For many, the fun-filled festive season is a period of excess – numerous parties, expensive presents, overeating and imbibing a little more than usual. So, if the thought of checking your post-Christmas bank balance makes you want to bury your head in the sand, you’re not the only Janu-worry ostrich.
Samantha Pillay, Director of Sales Operations for First Loyalty Plus says that for the majority of people, January always feels twice as long as any other month of the year. “With early salary payments in December, combined with Christmas spending, holidays, back-to-school stationery and new school uniforms to buy, January more often than not equals 31 days of stress and anxiety. Simply wishing the first month or two of the new year away is standard practice for most. However, January also provides some solid lessons that, if one is willing to learn from them, can be applied for life.”
Samantha shares these five lessons:
1. Patience: We live in a world of instant gratification – we want it all, and we want it NOW! But January forces us to be patient, to delay purchasing non-essential items because we can’t buy that for which we don’t have the money. Delayed gratification is a vital component of self-control, and if you’re able to deny instant pleasure in favour of reaping a long-term reward, it will go a long way to set you up for lifelong success.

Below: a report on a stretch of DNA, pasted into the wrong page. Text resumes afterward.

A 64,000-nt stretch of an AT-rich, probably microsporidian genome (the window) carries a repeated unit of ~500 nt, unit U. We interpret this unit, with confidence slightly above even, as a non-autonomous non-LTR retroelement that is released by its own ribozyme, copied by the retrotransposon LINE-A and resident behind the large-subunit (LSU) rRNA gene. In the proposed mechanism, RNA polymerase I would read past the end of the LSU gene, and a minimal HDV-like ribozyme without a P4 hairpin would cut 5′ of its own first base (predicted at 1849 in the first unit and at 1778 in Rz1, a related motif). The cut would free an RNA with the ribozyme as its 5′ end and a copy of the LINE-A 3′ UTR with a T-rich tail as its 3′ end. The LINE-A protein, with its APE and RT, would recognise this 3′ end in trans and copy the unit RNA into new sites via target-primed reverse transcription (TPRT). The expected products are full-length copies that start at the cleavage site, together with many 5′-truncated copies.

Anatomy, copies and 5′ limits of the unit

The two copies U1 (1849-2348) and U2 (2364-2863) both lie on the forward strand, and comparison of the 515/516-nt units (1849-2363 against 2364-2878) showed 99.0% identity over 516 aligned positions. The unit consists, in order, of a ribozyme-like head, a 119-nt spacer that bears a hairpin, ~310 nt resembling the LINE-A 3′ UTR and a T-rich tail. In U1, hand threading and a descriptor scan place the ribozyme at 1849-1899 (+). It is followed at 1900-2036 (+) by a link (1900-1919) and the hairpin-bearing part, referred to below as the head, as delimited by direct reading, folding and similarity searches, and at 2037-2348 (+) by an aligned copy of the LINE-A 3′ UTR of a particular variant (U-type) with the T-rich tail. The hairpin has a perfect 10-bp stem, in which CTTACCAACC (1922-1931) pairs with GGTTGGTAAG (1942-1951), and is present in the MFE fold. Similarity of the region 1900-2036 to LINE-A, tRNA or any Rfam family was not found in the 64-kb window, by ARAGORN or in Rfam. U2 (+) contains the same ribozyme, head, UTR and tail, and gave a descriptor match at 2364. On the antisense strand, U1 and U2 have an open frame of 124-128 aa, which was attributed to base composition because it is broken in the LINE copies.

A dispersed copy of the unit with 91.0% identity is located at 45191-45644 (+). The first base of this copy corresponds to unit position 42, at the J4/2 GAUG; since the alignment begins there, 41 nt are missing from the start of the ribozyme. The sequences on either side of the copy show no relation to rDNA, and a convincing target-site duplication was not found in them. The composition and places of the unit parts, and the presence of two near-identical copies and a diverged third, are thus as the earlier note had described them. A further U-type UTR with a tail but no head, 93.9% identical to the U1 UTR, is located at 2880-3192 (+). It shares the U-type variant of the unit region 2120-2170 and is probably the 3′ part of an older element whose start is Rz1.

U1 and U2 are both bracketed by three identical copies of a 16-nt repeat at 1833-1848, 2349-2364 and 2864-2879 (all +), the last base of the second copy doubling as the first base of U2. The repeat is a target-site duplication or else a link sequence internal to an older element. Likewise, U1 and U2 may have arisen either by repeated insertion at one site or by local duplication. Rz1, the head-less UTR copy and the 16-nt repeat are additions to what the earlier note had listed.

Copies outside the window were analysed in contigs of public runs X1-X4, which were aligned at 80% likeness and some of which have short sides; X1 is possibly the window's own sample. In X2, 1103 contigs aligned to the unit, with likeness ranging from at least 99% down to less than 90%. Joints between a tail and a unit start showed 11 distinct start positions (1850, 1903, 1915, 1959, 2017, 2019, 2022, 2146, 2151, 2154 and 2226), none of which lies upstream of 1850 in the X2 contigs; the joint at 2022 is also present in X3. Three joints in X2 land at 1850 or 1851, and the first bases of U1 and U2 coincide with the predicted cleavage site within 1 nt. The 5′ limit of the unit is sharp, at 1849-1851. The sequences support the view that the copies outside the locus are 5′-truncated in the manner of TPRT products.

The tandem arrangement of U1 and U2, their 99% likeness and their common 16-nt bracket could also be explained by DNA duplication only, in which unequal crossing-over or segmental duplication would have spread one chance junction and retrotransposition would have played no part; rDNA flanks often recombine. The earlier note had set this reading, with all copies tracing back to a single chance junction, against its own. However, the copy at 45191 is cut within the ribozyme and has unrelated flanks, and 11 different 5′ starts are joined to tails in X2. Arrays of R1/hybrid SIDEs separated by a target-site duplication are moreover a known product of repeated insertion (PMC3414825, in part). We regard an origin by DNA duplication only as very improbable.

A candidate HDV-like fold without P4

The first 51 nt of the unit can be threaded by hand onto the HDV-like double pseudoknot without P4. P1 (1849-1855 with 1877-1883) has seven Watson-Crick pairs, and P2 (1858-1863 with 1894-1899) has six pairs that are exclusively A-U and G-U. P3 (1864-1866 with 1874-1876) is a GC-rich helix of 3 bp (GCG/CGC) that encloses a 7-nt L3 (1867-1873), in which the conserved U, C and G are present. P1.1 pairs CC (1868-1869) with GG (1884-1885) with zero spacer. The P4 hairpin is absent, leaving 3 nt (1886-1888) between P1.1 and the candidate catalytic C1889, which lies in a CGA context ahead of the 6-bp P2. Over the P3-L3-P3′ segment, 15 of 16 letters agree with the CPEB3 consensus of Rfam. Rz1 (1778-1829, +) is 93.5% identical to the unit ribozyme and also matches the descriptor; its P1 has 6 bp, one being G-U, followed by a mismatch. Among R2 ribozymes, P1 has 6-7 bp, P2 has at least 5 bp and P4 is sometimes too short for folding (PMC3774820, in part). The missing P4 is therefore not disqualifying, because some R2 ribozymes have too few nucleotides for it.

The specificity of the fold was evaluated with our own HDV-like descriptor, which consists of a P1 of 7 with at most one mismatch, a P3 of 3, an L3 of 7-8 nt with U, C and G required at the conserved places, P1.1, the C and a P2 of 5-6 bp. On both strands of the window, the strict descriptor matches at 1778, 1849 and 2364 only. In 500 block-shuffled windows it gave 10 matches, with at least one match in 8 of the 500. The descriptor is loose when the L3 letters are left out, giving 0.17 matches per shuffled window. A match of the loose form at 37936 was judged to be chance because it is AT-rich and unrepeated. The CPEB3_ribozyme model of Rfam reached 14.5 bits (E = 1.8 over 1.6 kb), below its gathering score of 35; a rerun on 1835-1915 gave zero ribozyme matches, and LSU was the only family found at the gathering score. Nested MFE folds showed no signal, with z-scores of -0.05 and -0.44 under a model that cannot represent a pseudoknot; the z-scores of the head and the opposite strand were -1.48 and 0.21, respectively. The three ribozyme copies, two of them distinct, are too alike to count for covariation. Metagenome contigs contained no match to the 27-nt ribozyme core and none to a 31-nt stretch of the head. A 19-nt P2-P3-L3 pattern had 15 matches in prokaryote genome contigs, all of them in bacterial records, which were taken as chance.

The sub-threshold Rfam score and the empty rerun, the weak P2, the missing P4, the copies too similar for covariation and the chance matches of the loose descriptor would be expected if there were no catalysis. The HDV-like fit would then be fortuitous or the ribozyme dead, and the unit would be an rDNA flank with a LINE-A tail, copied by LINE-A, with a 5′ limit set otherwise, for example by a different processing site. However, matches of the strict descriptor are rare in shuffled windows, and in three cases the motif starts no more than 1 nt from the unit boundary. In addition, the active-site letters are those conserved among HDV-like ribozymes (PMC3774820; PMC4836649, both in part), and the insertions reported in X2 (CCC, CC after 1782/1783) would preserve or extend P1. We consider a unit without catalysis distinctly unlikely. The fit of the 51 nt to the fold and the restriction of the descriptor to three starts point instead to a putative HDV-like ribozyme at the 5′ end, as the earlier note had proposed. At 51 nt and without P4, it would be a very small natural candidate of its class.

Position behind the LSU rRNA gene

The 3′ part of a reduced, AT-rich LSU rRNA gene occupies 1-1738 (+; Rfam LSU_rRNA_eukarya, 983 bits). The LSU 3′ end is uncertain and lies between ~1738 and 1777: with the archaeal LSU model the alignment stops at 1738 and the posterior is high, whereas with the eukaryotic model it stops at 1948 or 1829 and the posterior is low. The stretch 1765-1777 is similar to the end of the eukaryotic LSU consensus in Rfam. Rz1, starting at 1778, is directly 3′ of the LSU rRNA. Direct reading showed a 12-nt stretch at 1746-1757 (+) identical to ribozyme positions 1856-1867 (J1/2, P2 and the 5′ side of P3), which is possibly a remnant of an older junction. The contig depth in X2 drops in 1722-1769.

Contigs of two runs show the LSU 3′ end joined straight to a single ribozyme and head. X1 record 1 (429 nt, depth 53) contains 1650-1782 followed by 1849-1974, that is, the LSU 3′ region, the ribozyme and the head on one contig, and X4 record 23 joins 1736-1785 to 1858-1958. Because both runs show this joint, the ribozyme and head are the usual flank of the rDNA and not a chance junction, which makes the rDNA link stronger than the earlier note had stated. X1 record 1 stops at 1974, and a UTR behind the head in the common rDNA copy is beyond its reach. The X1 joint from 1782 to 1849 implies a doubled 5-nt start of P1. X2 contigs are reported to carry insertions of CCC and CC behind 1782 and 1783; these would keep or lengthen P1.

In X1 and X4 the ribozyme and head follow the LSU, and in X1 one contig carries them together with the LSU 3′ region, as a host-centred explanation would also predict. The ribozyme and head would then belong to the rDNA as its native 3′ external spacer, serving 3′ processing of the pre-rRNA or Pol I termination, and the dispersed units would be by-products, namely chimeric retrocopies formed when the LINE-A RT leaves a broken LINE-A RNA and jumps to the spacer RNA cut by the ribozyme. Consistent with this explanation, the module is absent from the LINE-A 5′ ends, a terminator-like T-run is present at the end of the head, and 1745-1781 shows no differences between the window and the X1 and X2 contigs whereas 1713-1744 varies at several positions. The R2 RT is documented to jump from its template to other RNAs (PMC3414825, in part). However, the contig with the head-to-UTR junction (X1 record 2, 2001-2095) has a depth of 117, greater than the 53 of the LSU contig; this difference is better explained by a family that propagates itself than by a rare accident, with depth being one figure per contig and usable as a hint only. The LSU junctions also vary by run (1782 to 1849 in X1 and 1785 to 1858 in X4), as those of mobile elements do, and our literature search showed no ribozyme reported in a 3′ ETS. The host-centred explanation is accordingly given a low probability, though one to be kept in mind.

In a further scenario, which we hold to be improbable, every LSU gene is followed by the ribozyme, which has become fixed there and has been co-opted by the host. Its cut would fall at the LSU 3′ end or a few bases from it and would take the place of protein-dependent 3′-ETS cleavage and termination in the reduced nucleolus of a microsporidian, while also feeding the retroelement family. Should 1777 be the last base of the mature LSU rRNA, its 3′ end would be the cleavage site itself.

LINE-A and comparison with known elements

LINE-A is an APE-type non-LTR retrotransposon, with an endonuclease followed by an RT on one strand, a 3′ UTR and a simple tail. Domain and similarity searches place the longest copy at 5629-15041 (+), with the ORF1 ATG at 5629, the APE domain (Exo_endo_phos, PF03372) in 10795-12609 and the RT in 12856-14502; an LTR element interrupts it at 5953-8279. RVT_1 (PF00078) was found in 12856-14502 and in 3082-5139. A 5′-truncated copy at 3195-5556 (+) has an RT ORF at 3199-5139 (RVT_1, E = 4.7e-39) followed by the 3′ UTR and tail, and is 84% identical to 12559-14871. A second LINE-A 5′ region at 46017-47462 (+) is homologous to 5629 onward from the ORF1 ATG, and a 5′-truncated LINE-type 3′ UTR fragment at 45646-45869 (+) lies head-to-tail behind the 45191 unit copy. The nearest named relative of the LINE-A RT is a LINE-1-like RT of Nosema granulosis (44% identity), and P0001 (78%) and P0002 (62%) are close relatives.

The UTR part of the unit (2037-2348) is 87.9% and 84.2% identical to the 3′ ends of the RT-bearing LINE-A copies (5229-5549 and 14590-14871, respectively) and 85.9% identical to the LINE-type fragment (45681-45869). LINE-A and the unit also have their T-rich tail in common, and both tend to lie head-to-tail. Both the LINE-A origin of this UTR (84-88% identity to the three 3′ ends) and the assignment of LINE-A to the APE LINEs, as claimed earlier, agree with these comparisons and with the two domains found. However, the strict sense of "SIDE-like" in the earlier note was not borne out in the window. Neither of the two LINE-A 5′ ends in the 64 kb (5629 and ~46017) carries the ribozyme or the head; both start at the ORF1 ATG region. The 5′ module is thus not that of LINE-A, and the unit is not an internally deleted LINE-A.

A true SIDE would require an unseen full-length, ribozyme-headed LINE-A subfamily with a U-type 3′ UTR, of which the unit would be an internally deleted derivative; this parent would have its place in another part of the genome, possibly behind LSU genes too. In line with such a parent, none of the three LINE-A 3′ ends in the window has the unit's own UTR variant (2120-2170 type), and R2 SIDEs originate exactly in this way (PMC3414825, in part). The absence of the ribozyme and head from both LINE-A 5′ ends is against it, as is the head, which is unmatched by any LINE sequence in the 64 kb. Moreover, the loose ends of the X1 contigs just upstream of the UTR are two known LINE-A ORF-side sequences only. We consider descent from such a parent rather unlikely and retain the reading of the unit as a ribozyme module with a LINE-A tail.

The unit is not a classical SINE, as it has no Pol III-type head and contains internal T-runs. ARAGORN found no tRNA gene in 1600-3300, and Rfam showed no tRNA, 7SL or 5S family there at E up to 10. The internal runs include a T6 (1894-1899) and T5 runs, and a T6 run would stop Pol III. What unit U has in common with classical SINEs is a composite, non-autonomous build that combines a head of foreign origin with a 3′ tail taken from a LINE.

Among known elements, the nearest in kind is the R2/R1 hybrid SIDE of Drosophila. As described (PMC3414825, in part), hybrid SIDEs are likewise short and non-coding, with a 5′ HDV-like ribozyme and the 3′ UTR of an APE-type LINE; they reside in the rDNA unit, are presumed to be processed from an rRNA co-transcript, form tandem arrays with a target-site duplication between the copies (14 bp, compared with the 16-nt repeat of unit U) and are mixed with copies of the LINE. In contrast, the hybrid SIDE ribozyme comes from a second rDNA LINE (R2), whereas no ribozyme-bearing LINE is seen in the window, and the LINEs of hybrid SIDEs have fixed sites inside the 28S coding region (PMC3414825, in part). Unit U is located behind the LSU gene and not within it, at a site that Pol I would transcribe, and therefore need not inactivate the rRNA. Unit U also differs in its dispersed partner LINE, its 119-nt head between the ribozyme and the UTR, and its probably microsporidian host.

2. Planning and prioritisation: The absence of a plan (or budget) to ensure that you don’t spend in excess of what you earn is more evident in January than at any other time of the year. If you failed to budget in December to avoid the January hangover, the first month of the year means you will be forced to re-look at your finances and budget accordingly to get through the month. So why not take it one step further and develop (and then stick to) a monthly budget for the year, always mindful of prioritising needs above wants? This is a lesson worth learning and if you only make one New Year’s resolution, let it be to create a budget for 2023 so that you can manage your finances and avoid the January blues in 2024.
3. Resourcefulness: January teaches us to be resourceful by forcing us to shop more cleverly, cook creative budget meals, reuse, recycle, and do whatever it takes to make our money go further. Imagine the possibilities if you employed this resourcefulness all year long, and not just for one month of the year. You could save enough for a bucket-list holiday or buy the car you’ve always dreamed of. In fact, something like a First Loyalty Plus membership is perfect for the resourceful, savvy consumer who wants to live the same lifestyle, for less.
4. Empathy: Having to make do with less than normal for a month or two and forego a few treats is a reminder of those who as a matter of course are forced to constantly live with less. It allows us to identify with and have more empathy for people who struggle daily just to survive. It also proves that you can live with less.
5. Humility: It is humbling to realise that if you have a roof over your head, clothes to wear, food in the fridge, and some (or most) of your bills paid, you’re better off than most people on the planet. So, while you may be uncomfortable having to tighten your belt at the start of the year, the realisation that you’re actually still doing okay should instil an attitude of gratitude and encourage you to use your resources wisely.
“Rather than dwelling on the notion that January is the worst month of the year, change your mindset and rather learn from the lessons that are the gifts that it delivers,” concludes Samantha.